Menus for Asian weddings have progressed immensely
South Asian food plays a very important role in Asian weddings in the UK. Depending on the type of wedding, be it Indian, Pakistani or Bangladeshi, different dishes are made and served for the occasion.
On the wedding day itself, the cuisine for the day should make guests feel they are special and their taste-buds dancing to the sumptuous food served. As the cuisine is always a talking point of Asian weddings.
The format of traditional Asian weddings is such that the family of the bride are usually responsible for cuisine for the special day and its quality and cost. Although, this is not always the case nowadays.
Also, not all Asian families agree with the partying side of a wedding. In this case, usually is due to religious grounds, food is served in a more simple fashion. Serving is done where the ceremony took place and can be of a strictly vegetarian nature and with absolutely no alcohol either.
The early days of Asian weddings in the UK in the 1960s and 1970s were a more homely affair where food was usually prepared by the family and close relatives for the occasion.
For Punjabi weddings, for example, large utensils such as huge cooking pans (patilay), steel trays for serving the meals (serving thalis), cups and cutlery were hired from local temples or shops for the event.
Meat, if served, was usually be cooked by men in the family whilst the remainder of the dishes by the women.
At that time, women did not attend the partying aspect of the wedding, a key part of a Punjabi wedding today.
So, usually after the religious ceremony in the morning, the women went back to the house and teamed together to cook the chappatis, rice and heated up the dishes, which were then transported in cars and vans to the venue of the party.
The venue was usually a pub or club where the function room was specially hired for the afternoon. It played host to the menfolk usually drinking beer and spirits and dancing to a live act of Punjabi singers.
The singers were usually a duet group of a man and women or a small group of men playing live instruments such as harmonium, dholak, tabla, tumbi, accordion and some basic electronic keyboards.
The food and drink were served usually by the bride’s side of the family to the groom’s family and relatives. Hence, basic event management was the flavour of the times!
All this has dramatically changed, as South Asians have integrated into the fabric of British life and have been successful in business and professional careers.
Progression in Asian weddings in terms of lavishness and content have transformed the cuisine aspect of a wedding.
Changes started with outside caterers from local sweet centre shops beginning to supply food for weddings.
Usually charging by the “thali” (steel tray with a set menu) per head. Along with the trend of full families attending wedding functions, including women and children, at hired venues such as halls and hotels. Hence, changing the outlook of weddings and especially, the cuisine.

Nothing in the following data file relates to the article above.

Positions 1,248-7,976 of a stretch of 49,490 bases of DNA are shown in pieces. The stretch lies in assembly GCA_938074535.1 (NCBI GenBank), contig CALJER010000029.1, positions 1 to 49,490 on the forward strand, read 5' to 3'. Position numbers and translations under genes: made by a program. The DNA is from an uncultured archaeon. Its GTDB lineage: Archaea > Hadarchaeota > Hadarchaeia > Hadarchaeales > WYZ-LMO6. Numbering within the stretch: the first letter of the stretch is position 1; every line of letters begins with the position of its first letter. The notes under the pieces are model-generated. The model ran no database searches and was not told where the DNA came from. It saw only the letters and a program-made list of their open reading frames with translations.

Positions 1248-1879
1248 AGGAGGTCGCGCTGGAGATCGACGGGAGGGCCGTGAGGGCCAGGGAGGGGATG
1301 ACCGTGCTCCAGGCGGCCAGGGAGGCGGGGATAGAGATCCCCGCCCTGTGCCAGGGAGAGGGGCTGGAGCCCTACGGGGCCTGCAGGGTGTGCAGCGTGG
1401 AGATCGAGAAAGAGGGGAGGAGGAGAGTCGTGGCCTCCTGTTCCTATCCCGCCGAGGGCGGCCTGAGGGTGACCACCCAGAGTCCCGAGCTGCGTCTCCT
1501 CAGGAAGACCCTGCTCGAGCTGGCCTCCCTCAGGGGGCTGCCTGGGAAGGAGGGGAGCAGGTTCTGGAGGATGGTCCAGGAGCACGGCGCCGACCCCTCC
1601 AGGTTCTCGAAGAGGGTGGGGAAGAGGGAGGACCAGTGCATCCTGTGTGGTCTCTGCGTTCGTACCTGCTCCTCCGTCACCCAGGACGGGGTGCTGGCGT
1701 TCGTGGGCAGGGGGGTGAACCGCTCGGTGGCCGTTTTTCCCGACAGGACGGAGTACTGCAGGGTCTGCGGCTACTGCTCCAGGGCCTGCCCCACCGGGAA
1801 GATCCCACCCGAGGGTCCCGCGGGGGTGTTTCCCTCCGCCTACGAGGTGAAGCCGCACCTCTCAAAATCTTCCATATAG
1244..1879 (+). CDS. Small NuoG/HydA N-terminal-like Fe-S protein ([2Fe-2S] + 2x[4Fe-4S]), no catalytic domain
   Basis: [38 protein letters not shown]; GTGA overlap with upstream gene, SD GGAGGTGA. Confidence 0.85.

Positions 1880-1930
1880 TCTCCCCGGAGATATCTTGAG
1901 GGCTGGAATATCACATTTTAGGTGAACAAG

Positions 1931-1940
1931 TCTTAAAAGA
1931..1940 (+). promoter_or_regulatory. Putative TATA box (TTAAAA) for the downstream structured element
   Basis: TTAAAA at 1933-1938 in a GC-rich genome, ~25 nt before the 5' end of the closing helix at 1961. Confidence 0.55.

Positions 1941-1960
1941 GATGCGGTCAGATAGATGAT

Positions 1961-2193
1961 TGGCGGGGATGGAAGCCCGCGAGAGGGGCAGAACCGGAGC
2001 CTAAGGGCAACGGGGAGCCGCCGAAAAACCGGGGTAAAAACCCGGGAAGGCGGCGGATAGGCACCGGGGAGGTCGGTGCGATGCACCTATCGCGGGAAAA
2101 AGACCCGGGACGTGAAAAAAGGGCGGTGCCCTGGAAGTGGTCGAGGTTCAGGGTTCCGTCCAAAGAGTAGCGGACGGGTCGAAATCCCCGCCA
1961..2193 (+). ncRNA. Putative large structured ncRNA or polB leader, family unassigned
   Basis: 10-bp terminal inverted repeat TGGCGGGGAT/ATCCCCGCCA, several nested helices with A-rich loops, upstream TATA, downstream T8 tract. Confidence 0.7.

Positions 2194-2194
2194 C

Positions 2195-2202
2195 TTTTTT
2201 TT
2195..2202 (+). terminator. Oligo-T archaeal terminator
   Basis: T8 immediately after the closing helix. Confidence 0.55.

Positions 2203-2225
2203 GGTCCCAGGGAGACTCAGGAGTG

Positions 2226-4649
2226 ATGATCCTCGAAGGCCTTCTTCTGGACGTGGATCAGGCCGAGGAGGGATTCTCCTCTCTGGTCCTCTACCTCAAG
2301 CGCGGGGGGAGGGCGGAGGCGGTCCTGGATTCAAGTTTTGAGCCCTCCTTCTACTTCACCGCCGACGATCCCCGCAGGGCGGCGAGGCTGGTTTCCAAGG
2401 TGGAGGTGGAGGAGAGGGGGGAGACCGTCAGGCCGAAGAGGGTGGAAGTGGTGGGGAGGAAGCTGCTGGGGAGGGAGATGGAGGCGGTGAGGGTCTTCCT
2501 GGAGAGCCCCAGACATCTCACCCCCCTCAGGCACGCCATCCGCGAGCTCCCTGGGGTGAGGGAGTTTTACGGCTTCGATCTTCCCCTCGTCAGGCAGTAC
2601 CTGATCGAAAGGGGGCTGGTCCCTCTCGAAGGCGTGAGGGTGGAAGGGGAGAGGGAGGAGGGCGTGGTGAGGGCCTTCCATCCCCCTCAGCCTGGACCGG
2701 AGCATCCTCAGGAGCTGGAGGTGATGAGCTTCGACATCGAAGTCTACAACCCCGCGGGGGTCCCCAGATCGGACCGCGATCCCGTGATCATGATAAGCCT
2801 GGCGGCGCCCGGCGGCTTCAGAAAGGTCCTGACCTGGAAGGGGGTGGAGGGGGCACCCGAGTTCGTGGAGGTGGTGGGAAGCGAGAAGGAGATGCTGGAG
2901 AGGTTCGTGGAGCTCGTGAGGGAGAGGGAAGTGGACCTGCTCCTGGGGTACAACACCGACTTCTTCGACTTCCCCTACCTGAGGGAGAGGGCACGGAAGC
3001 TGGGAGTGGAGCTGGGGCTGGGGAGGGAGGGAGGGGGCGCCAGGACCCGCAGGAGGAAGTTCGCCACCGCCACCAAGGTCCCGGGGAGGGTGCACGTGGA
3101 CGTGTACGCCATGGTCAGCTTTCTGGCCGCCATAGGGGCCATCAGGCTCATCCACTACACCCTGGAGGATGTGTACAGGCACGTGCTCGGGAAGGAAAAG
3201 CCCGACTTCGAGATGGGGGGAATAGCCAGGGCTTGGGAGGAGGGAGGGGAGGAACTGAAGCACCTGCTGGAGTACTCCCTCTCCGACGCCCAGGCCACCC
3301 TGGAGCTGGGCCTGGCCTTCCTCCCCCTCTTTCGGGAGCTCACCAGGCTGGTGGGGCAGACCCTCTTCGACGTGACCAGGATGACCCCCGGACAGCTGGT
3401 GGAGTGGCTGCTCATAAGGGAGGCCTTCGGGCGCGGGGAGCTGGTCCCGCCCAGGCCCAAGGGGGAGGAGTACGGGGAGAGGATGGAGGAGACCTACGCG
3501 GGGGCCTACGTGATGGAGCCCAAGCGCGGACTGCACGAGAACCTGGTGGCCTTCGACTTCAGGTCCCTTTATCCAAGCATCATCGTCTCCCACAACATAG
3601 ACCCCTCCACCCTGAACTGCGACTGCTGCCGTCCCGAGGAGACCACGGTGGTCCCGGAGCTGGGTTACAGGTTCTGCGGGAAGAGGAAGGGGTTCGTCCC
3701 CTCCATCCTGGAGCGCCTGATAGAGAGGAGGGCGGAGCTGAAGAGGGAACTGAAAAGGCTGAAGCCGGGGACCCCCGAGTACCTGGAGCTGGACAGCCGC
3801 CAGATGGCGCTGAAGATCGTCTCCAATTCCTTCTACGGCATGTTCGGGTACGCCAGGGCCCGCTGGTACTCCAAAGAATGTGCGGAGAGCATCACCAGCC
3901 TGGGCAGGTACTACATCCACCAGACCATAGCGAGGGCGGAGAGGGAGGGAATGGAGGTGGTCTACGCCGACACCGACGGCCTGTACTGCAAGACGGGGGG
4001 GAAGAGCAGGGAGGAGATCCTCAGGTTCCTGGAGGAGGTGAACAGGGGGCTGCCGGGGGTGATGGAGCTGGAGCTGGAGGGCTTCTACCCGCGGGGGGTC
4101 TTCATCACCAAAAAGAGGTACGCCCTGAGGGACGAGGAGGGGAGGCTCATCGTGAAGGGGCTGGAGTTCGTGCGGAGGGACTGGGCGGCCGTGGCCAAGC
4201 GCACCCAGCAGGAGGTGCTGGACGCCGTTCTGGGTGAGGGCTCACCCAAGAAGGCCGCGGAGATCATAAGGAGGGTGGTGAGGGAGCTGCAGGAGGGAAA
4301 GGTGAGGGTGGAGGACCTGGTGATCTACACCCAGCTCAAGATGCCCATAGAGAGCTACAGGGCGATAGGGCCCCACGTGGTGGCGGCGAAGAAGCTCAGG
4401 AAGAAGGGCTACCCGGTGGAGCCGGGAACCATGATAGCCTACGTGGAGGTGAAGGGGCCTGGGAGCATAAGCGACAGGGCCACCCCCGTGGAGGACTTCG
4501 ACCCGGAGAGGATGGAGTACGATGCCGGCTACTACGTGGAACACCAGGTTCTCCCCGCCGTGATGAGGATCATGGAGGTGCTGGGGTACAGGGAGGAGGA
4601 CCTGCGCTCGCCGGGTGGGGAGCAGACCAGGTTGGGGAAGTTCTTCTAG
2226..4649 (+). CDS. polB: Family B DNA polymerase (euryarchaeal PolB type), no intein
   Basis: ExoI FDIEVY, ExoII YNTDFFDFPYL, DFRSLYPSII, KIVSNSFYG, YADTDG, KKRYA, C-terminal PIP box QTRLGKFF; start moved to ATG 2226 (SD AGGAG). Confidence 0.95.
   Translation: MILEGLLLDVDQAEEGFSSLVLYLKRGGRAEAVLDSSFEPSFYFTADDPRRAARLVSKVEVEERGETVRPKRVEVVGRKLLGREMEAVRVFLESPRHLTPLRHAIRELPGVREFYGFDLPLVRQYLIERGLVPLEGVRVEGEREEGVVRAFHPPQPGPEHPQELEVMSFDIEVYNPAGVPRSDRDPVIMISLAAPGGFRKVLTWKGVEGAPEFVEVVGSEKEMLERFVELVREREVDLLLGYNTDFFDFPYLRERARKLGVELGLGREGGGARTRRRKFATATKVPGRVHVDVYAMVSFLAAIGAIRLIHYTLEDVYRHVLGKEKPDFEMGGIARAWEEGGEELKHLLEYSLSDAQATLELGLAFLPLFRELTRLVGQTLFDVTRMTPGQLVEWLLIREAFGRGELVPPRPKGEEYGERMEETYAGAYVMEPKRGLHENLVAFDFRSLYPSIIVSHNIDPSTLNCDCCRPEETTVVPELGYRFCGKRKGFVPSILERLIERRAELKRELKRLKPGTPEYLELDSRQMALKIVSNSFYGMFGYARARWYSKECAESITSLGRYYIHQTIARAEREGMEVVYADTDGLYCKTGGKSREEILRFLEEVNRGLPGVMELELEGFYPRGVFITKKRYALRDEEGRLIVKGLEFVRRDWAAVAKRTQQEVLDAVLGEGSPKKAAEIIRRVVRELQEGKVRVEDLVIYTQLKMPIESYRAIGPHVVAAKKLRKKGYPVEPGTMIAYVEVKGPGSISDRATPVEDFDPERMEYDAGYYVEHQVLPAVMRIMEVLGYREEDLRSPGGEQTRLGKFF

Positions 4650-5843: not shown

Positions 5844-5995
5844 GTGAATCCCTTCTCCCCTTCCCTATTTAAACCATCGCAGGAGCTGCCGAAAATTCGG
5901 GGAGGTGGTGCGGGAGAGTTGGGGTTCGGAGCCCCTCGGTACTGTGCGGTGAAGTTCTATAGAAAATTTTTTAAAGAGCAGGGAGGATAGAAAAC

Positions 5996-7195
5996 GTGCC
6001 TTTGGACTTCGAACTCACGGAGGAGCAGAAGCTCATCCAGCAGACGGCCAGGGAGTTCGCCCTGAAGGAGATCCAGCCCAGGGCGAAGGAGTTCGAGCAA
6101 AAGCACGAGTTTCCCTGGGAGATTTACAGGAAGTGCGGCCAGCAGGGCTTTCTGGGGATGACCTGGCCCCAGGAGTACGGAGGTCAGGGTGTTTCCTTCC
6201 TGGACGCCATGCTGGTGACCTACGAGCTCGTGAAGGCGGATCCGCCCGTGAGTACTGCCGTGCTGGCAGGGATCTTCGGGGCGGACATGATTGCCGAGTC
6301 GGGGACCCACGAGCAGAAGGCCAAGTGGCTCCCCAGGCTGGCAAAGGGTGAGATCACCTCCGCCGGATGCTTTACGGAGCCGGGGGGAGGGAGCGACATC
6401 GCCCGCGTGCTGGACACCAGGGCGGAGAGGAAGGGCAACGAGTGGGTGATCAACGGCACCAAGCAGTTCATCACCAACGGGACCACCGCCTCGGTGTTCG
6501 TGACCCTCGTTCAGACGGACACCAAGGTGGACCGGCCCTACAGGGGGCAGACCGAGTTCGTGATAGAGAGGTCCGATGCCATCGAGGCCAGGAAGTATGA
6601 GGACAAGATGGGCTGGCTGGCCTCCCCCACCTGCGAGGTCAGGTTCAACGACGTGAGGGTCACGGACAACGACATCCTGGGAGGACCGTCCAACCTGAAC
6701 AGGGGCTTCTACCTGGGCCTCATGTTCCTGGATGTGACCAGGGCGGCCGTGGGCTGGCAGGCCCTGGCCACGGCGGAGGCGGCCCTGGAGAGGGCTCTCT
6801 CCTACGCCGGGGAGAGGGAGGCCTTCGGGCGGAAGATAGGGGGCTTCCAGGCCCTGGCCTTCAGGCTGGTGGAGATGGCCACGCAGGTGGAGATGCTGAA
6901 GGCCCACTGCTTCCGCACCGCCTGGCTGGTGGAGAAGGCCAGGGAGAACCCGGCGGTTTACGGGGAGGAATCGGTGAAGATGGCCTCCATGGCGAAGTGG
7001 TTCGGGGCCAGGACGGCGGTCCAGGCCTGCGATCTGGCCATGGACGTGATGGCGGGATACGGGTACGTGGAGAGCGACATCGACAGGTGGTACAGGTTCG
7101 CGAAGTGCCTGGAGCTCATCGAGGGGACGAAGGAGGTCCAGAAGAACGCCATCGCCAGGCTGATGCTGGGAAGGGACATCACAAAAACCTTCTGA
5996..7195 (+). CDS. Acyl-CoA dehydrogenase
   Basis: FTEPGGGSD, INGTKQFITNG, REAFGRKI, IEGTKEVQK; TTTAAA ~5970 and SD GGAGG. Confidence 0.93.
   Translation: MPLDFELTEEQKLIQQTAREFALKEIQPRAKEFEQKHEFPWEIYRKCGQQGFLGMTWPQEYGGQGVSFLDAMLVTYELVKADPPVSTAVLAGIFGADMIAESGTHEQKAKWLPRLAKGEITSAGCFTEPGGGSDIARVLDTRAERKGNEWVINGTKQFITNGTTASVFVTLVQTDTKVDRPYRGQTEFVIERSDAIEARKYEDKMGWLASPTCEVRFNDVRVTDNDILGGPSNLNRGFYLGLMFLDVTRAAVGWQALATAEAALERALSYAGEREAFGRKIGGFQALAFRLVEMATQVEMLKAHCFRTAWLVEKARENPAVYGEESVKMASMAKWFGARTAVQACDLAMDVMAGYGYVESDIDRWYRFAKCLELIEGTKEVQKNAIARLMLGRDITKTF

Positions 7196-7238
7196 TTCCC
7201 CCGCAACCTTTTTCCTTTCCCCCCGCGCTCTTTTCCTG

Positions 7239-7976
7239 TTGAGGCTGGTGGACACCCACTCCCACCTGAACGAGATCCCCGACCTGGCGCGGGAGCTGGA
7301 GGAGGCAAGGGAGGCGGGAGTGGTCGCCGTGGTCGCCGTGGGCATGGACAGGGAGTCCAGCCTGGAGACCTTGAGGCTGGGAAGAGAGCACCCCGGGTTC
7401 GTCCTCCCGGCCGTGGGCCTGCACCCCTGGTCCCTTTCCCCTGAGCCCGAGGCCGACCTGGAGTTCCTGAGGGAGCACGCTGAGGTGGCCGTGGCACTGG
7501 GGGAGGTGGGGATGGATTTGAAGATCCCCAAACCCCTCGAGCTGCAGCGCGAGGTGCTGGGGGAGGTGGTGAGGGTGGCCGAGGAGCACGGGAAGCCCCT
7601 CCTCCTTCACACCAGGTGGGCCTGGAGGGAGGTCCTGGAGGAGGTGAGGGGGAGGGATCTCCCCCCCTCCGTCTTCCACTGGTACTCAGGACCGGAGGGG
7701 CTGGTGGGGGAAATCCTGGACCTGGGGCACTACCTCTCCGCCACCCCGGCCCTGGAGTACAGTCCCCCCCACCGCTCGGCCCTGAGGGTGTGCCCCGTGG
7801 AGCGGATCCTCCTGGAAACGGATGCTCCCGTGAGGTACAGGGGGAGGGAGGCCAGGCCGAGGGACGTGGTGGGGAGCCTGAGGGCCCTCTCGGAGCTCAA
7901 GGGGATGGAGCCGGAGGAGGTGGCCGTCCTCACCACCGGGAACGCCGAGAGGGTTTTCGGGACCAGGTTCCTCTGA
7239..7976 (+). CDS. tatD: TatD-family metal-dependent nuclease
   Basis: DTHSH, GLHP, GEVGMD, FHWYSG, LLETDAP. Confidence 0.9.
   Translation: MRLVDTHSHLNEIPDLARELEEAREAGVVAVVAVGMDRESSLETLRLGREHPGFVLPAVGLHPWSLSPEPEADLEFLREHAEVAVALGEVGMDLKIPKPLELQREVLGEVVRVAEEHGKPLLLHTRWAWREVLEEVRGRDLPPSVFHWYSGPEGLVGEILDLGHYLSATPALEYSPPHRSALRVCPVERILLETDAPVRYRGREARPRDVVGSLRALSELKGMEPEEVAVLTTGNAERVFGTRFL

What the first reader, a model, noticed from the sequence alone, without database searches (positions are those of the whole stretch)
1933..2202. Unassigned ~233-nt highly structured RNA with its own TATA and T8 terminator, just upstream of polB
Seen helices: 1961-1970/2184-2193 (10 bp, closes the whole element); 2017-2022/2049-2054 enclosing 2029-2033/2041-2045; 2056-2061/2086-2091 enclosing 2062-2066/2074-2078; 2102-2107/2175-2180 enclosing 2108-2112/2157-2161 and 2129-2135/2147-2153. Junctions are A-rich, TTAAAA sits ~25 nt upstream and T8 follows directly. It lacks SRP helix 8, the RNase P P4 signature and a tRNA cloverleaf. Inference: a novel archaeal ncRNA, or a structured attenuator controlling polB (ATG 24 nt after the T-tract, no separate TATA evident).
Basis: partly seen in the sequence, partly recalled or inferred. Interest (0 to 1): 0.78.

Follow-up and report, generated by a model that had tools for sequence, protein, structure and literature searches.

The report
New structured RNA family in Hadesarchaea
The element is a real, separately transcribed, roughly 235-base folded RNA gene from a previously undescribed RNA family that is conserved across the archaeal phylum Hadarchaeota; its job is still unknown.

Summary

The party aspect of Asian weddings became the “reception” event, and food and drink became a very important part of the reception, along with entertainment such a live bands and DJ”s.
Today, this has further changed, where the cuisine is supplied by more specialist caterers and wedding event management companies.
The trend has progressed with the desire of families arranging a wedding wanting to impress guests more with diverse menus and more extravagant settings with specially laid tables and food served by waitresses and waiters.
Displays of large choice buffets are very popular with guests giving them a plethora of different foods to try and eat to their heart’s content.
Menus for Asian weddings have progressed immensely.
Different menus for different occasions, much more choice of vegetarian and non-vegetarian dishes, mixed items on menus from both the East and West and providing stalls of chocolate fountains, bhel puri, gol guppa, tacos, ice cream and fruit punch, are all part of the change.
An example of one caterer providing food for Asian weddings is the Spice Corner based in Birmingham, in the UK. An innovative catering company that delivers foods to events at a high standard.
Their passion is to satisfy clients with the finest foods and provide a full and varied choice for customers to choose specifics for their event.
They supply English, Indian, Chinese, Caribbean and Gujrati menus. The Indian one, for example, includes the following dishes.
Hara Bhara Kebab, Aloo Tikki, Kachori, Chilli Paneer, Amritsari Fish Pakora, Paneer Pakora, and Chicken Tikka.
Tarka Daal, Green Sabhji, Kharai Chicken, Lamb Rogan Josh, Pilau Rice, Naan and Roti.
Ras Malai, Gulab Jaman and Fruit Salad.
This is only one example of the kinds of menu popular for Asian wedding food. As Asian weddings get bigger and fatter so are the menus and food served at them.
As you can see the diversity of Asian wedding cuisine is set to continue with more and more innovation and unique supply to support the changes in demand.